Do sex offenders deserve character references during sentencing? asks Jane Gilmore.
It wasn’t that long ago that we were debating whether certain kinds of people should be allowed to apply for bail. It’s a perennial favourite of right wingers that there are undesirables who deserve nothing but the strictest, most severe punishment available. Newspapers love a ‘You’ll never believe how lenient this judge was when sentencing this person whom we will misrepresent’ story.
It is odd, then, to see fundamentally the same rhetoric come from the Left: ‘Here’s a category of criminal who should be denied particular rights, and the legal system should treat more harshly.’
There are two grounds for a genuine and sincere dilemma here. The first being the ground that white males are treated more leniently in the legal system than other minorities, and the second being the ground that victims of sexual assault have to overcome significant legal barriers when bringing cases and getting convictions.
The first is somewhat easier to outline. On the one hand, we want a legal system that tailors punishments to the circumstances of a crime. We rely upon the good judgement of magistrates and judges to ensure that punishments are not unduly harsh or severe, given all the circumstances. But when you introduce that discretion, you add to various biases that have already been played out in the system. Allowing people to plea for lighter sentences is both a good thing — ensuring that punishments meet the particular circumstances of this particular crime — and a bad thing — allowing certain kinds of criminals to make advantage of particular kinds of privilege.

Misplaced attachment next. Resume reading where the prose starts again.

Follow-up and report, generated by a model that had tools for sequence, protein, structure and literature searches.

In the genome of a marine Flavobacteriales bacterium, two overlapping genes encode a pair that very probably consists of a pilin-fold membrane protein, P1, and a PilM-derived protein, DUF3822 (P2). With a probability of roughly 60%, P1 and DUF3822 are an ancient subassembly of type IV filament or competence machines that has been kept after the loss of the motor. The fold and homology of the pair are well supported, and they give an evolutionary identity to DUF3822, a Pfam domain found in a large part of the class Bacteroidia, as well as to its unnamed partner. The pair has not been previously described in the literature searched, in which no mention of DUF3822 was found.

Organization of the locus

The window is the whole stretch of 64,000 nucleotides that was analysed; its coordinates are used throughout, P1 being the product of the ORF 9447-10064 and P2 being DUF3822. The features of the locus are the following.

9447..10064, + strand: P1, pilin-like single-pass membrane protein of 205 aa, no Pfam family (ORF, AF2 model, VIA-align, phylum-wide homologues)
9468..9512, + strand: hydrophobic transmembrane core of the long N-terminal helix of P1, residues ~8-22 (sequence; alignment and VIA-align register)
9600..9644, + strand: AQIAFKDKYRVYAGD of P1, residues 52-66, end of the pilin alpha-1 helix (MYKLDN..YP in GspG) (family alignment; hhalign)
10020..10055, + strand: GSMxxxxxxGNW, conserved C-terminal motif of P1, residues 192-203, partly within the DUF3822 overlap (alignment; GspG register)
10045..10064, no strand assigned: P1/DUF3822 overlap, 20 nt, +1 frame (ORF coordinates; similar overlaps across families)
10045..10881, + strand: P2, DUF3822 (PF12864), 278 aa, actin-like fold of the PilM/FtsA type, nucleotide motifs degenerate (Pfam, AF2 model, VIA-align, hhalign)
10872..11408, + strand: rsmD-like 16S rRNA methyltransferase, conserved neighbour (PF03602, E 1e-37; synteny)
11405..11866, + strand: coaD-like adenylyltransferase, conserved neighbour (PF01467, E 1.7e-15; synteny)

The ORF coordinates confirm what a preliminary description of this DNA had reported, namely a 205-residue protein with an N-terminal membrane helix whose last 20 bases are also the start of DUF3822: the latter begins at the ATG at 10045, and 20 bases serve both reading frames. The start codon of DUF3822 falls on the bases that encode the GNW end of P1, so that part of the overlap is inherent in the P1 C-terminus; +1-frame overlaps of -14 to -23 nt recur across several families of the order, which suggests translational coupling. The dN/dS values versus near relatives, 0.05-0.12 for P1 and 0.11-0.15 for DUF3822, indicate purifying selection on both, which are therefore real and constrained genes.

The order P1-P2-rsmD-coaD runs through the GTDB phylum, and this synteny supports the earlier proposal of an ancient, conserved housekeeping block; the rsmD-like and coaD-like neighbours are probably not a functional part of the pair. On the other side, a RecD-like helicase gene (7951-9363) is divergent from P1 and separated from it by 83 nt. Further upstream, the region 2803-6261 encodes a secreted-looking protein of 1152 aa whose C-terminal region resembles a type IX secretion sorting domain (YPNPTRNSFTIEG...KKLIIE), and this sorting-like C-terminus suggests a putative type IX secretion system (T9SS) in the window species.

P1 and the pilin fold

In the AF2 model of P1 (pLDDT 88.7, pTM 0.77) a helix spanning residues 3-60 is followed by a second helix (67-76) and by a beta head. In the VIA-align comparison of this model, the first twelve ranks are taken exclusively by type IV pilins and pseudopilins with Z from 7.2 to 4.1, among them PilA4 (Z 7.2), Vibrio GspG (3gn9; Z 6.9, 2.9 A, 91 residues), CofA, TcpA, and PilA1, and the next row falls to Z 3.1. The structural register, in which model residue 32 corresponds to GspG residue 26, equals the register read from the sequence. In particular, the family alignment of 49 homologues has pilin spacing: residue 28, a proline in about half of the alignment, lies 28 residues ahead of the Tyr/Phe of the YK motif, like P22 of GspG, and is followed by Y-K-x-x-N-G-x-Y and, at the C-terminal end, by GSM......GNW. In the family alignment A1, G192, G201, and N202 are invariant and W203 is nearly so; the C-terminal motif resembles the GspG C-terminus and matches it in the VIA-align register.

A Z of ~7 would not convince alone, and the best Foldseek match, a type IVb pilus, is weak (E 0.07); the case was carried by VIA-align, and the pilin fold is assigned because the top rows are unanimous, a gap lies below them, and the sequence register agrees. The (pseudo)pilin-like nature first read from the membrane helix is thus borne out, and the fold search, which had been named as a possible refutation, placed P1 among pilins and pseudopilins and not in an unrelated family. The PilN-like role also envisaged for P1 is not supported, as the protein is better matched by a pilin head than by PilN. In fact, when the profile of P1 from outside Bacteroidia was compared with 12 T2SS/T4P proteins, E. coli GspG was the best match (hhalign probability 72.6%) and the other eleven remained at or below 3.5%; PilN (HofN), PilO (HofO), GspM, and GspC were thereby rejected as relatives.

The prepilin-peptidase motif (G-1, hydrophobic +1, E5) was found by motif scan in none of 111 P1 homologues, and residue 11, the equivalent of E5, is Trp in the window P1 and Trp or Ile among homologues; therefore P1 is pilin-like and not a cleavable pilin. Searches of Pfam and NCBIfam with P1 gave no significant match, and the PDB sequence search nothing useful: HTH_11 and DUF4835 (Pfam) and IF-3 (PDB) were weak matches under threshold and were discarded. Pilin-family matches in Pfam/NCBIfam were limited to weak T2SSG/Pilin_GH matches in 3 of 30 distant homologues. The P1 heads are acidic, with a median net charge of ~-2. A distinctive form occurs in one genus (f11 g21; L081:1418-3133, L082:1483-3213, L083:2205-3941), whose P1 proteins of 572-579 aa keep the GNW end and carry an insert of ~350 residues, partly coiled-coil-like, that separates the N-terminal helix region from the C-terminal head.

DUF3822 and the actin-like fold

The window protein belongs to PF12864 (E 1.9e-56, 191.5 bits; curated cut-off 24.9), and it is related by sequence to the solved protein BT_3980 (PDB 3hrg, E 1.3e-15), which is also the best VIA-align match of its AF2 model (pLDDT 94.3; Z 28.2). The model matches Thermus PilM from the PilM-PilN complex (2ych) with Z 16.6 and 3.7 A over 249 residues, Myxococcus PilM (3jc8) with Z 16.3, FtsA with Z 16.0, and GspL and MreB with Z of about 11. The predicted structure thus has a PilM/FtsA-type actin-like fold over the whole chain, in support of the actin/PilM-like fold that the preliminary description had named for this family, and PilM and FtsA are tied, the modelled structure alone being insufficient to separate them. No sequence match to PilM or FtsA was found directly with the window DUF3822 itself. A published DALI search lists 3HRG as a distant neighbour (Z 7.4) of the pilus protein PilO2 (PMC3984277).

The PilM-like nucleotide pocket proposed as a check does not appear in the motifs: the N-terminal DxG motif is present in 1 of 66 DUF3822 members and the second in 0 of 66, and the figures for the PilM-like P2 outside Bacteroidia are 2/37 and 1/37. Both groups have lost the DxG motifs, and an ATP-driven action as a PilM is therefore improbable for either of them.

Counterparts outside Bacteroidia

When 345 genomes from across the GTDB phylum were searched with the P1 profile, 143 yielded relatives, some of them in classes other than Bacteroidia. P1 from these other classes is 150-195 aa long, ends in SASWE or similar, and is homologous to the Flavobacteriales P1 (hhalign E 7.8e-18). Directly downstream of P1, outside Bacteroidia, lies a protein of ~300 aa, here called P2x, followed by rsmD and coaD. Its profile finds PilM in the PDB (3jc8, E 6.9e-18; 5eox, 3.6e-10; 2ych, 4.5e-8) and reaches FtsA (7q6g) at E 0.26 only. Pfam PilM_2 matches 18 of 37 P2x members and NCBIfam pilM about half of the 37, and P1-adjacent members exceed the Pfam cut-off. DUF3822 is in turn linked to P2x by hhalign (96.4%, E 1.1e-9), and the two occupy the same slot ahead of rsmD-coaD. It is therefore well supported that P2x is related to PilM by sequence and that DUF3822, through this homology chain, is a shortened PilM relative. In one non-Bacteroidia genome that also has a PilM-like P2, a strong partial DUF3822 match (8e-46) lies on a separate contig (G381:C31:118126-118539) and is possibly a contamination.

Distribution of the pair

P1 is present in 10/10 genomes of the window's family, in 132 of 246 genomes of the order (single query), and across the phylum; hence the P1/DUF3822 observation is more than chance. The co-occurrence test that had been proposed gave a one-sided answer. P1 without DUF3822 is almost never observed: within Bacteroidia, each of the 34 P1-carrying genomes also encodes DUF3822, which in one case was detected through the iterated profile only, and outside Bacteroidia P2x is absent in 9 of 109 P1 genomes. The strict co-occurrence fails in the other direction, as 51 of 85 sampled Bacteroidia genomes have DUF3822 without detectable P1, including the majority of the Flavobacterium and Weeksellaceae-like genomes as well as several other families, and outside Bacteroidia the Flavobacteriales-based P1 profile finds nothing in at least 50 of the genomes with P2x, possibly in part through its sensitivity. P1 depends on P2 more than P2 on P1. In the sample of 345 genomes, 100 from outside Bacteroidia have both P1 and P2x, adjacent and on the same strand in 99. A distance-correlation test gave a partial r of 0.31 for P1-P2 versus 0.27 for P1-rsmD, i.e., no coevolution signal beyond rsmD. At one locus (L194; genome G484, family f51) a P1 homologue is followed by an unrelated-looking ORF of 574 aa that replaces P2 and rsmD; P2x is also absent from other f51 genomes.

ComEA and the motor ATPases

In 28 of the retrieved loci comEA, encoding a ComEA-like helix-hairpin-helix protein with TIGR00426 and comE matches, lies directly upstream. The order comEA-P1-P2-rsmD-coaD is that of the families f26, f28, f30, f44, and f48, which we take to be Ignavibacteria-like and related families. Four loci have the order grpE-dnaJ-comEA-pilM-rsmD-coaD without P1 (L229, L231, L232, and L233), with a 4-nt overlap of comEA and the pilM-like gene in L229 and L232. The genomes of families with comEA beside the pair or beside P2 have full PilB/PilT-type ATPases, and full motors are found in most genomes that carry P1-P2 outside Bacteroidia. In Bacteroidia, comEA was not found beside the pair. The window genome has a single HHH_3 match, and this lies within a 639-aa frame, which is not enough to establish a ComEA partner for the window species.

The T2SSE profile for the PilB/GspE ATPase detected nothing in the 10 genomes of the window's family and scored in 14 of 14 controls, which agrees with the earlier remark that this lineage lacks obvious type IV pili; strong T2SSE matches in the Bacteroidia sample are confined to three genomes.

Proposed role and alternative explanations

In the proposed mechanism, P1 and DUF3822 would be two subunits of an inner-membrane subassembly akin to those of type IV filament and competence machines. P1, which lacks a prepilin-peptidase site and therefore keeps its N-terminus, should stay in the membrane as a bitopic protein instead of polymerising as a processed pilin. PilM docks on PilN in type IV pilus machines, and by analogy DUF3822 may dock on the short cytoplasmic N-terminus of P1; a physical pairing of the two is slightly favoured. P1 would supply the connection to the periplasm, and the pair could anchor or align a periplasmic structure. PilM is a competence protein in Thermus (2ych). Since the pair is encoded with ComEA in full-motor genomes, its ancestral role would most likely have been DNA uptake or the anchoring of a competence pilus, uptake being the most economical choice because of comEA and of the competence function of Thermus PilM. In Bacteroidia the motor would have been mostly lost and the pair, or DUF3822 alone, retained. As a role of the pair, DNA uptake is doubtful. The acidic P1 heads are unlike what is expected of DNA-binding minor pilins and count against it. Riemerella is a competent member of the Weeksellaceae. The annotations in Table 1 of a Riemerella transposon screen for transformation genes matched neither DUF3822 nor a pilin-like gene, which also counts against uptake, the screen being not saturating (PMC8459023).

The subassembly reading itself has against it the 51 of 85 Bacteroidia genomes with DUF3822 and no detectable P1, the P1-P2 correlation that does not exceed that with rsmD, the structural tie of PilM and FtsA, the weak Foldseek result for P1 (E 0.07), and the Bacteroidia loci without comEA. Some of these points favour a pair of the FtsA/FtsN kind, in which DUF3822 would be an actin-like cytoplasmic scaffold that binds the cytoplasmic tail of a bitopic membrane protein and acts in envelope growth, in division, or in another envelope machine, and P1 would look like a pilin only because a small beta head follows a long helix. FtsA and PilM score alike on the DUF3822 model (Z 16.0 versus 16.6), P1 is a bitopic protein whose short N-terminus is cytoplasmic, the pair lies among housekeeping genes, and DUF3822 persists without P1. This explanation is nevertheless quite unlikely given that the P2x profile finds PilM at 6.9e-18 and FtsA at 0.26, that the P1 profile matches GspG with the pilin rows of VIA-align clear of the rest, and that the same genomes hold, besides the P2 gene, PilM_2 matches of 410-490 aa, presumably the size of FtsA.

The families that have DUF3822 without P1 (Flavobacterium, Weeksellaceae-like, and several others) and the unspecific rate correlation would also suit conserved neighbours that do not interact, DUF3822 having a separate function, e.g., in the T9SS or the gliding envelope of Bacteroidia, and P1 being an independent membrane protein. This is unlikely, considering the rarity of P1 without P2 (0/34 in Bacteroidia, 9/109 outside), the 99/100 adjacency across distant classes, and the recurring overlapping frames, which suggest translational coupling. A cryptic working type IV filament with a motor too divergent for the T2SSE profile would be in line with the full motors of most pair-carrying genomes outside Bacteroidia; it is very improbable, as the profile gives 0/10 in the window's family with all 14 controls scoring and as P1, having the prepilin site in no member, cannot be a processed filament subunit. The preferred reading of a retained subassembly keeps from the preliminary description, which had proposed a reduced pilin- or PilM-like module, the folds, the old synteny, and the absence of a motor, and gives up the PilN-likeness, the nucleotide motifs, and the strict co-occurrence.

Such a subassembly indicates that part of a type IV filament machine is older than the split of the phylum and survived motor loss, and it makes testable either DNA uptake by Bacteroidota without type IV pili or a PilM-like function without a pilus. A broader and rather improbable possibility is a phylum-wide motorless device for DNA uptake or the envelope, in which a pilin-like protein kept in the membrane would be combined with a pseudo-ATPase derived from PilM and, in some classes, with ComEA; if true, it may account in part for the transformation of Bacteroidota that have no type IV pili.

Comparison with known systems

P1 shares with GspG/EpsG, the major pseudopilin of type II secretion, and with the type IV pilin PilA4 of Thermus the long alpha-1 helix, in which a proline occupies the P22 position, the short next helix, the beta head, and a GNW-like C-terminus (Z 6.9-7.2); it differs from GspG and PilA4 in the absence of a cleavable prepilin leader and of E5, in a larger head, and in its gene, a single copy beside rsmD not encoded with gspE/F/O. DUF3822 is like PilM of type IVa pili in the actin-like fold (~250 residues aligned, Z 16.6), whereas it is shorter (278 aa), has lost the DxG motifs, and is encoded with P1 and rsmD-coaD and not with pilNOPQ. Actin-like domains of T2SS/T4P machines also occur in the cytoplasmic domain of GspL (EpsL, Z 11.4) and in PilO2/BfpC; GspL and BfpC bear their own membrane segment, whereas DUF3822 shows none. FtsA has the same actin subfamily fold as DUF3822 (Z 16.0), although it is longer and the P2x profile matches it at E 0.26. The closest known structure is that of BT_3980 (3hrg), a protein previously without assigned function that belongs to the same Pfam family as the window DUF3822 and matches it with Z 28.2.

The second is more difficult to outline. We live in a society that straight up does not believe the victims of sexual assault. Through various social norms we blame — or are encouraged to blame — victims and exonerate the wrongdoers. Short skirts, out at night, drinking alcohol, bit of a flirt, nature of men, alpha males, boys will be boys. On the other hand, we have a system which privileges wrongdoers. Rules of evidence, rules of procedure, ‘innocent until proven guilty’: all of these things are designed to give an advantage to a person accused of a crime such that we can be confident that we only punish the guilty. That last part is an enormous failure, of course, because we have a long history of punishing people for being accused of crimes while black, poor, or Othered. So the question ends up being why do we care so much about these rules protecting the accused when it’s this particular crime? When it’s already so difficult to get convictions for sexual assault, why do we then stack the deck in favour of the guilty when it comes to sentencing?
Gilmore’s article does not contribute anything meaningful or helpful to the conversation and should be dismissed in the same way that we dismissed people barracking for denying people bail:
Character evidence is simply a formalised legal process for the myth that a “good guy” can do terrible things to women and not lose his standing as a “good guy”. [Source]
But it’s not. Character evidence is giving a real expression to the view that a judge or magistrate, who routinely comes from a class entirely removed from the people they sentence, has to be provided the best reasons not to drop the full violence of the State upon a person. Gilmore wants these referees interrogated like ordinary evidence, but would probably not want victim statements subject to the same level of scrutiny. While being fully aware of the systemic injustices within our legal system, we can’t wash our hands of it with simple: ‘Well, let’s get away with an aspect that favours the guilty.’